(Andrea A. Albert, left, and Dakota Thomas, both 15, look through books in the Reader to Reader Inc. office in the Cadigan Center for Religious Life at Amherst College earlier this week. The girls are part of a group of eight students from the Navajo Pine School in Navajo, N. M., who are visiting Western Massachusetts.)
Sunday, October 12, 2008
By DIANE LEDERMAN
AMHERST - They live in a community of less than 2,000 people and virtually everyone who lives there is Navajo like them.
Their town of Navajo, N.M., has a supermarket and gas station, two schools, a church, day-care center, fire department and that's about it, according to 16-year-old Bettina Kinlichinie.
While Kinlichinie and the seven other students were a little apprehensive about boarding a plane and traveling 2,300 miles to a place they had never seen, what awaited them in places like Springfield, Hadley and Amherst has been "life changing," she said.
Kinlichinie and her friends were brought here this week by Reader To Reader Inc., which began a mentoring program with these students and Amherst College about a year ago, said David S. Mazor, Reader to Reader Inc., founding executive director. The students and their college counterparts read the same books and discussed them online. Amherst College mentors visited the Navajo students in May, he said.
On their five day trip, the high school students visited such places as the Basketball Hall of Fame in Springfield, Amherst College's Mead Art Museum, sat in at a session at the Springfield Housing Court and met with Judge Dina E. Fein and attorney Myles Jacobson. They also went behind the scenes of the Amherst College Theater Department.
"They don't have a lot of opportunity," Mazor said. "The graduation rates are very low." The idea was to bring them here to introduce them to people in all types of careers, so it "would give them a reason to stay in school. "We wanted to connect them with (people who have) the passion they have for their careers."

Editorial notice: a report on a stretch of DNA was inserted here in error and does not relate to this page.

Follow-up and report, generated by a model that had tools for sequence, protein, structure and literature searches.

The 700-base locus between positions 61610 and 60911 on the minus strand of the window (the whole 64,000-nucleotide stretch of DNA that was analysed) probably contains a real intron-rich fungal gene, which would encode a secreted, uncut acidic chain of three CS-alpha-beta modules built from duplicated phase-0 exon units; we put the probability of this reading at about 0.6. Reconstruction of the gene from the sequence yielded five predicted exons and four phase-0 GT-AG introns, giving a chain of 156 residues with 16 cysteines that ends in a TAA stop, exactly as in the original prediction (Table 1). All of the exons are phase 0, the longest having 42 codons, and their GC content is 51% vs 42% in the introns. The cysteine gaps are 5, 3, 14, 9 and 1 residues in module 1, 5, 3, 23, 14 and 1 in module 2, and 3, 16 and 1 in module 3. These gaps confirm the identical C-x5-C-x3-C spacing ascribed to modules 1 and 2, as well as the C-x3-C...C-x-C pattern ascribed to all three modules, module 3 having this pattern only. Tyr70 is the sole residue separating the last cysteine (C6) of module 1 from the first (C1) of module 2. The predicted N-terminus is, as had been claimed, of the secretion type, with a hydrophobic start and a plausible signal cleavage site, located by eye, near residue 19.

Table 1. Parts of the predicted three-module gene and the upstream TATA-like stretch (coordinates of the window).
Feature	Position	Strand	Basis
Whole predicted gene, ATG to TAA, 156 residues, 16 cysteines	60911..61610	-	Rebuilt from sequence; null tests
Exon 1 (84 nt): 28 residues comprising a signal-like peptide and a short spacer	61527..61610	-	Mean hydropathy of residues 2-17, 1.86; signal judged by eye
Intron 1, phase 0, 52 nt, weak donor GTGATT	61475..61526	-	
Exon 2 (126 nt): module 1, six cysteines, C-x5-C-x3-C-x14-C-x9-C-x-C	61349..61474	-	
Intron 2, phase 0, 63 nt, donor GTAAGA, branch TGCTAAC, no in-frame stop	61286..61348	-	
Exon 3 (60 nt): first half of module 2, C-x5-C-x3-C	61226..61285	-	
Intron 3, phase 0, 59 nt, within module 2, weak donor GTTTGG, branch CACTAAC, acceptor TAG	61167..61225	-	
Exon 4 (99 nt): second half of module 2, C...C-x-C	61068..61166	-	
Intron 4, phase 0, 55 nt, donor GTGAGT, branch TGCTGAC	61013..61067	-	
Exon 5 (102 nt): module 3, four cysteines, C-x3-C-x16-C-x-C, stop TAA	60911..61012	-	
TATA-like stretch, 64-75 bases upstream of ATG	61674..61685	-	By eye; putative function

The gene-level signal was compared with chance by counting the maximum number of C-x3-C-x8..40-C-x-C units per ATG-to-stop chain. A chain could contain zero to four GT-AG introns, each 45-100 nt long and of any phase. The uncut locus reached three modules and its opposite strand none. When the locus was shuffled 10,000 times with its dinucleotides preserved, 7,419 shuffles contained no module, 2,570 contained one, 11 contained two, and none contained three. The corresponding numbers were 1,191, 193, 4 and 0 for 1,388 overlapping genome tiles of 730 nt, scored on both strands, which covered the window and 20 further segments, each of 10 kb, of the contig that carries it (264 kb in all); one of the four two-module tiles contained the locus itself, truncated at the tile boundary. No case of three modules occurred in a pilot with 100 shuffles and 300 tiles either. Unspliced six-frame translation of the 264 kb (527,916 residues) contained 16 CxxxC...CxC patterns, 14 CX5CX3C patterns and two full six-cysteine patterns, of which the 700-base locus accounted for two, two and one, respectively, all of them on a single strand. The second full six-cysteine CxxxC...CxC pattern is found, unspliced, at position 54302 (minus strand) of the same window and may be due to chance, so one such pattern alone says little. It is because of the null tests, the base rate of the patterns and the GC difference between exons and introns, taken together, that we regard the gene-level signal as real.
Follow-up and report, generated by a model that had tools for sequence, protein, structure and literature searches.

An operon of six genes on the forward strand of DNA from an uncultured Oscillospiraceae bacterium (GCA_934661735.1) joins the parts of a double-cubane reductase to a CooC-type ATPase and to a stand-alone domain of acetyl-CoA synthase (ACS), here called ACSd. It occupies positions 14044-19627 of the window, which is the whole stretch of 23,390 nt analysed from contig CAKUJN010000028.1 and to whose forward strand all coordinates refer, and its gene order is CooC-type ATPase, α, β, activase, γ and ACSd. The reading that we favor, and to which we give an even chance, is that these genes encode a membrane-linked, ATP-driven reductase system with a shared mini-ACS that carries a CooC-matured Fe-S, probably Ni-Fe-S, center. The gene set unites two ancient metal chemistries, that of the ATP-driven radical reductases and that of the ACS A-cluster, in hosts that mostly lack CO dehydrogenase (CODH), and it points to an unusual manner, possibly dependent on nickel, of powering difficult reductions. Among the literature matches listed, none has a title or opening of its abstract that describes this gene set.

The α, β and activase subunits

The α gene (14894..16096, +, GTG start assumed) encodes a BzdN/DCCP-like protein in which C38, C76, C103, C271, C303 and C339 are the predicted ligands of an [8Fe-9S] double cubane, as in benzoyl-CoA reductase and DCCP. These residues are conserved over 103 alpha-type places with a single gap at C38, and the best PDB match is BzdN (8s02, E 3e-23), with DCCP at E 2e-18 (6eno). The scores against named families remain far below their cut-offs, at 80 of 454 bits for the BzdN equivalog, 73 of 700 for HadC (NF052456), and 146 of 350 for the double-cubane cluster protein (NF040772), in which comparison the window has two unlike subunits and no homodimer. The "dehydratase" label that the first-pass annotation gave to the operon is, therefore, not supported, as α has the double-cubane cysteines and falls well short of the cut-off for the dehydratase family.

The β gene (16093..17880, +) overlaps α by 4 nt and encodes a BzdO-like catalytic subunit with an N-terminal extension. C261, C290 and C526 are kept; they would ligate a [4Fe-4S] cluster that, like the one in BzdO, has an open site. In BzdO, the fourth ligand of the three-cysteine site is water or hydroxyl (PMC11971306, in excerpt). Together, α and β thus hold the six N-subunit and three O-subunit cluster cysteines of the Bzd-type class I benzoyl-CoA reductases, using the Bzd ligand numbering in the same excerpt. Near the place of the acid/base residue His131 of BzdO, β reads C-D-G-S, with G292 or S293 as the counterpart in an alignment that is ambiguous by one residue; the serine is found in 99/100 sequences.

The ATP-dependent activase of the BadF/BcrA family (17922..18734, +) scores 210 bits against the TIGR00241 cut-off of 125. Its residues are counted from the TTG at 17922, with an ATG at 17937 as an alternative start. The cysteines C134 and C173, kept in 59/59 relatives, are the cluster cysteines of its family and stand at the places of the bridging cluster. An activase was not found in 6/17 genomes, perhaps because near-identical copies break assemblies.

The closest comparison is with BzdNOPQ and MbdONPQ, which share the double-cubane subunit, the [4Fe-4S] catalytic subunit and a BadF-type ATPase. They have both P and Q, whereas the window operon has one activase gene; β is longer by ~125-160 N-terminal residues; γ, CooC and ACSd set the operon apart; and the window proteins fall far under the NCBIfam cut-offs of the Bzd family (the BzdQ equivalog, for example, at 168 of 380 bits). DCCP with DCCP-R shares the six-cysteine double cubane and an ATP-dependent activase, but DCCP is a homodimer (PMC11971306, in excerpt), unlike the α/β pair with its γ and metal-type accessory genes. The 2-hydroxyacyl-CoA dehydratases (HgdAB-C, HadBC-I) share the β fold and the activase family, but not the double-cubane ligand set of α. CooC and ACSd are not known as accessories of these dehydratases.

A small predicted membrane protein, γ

Kyle S. Clark, 17, is a junior who recently moved from Navajo to Albuquerque, to attend a city school. The others on the trip still attend Navajo Pine High School.
Clark enjoyed observing Springfield Housing Court and learned that to be a judge, "you don't have to be a lawyer. That was really interesting," he said.
At court he talked to Jacobson about law. He never had the chance to talk one on one with a lawyer before. Clark said the talk is "going to make me work harder. It's going to make me pursue my dream."
Meeting Amherst College Assistant Athletic Director Billy T. McBride and the other stable of Amherst College coaches, helped Clark realize he can be a better basketball player "if I set my mind to it. That gave me some confidence."
Kinlichinie, a junior, particularly enjoyed a session on Web design with Amherst College Web developer Howard J. Hanna.
"Before, I wasn't really sure what I wanted to go into," she said.
While Mazor founded Reader to Reader Inc. about six years ago to provide books free of charge to needy school libraries and public libraries across the United States, it was through that program he found the need in this community transcended that.
He did a lot of fund-raising to bring the students here and was aided by Amherst College and places such as Whole Foods in Hadley and the Pub here, which provided free meals.
Reader to Reader is holding a fund-raiser Nov. 16 at 4 p.m. at the 19th annual Children's Illustration Exhibition at Michelson Gallery in Northampton, an event that is honoring author Norton Juster.
In addition, Reader to Reader is trying to raise money to bring the eight Navajo students back for a month next summer. Those wishing to donate to that venture may send a check to Reader To Reader, Inc. c/o Cadigan Center, 38 Woodside Ave., Amherst, MA 01002. Donors should mark it for the Navajo Pine High School project.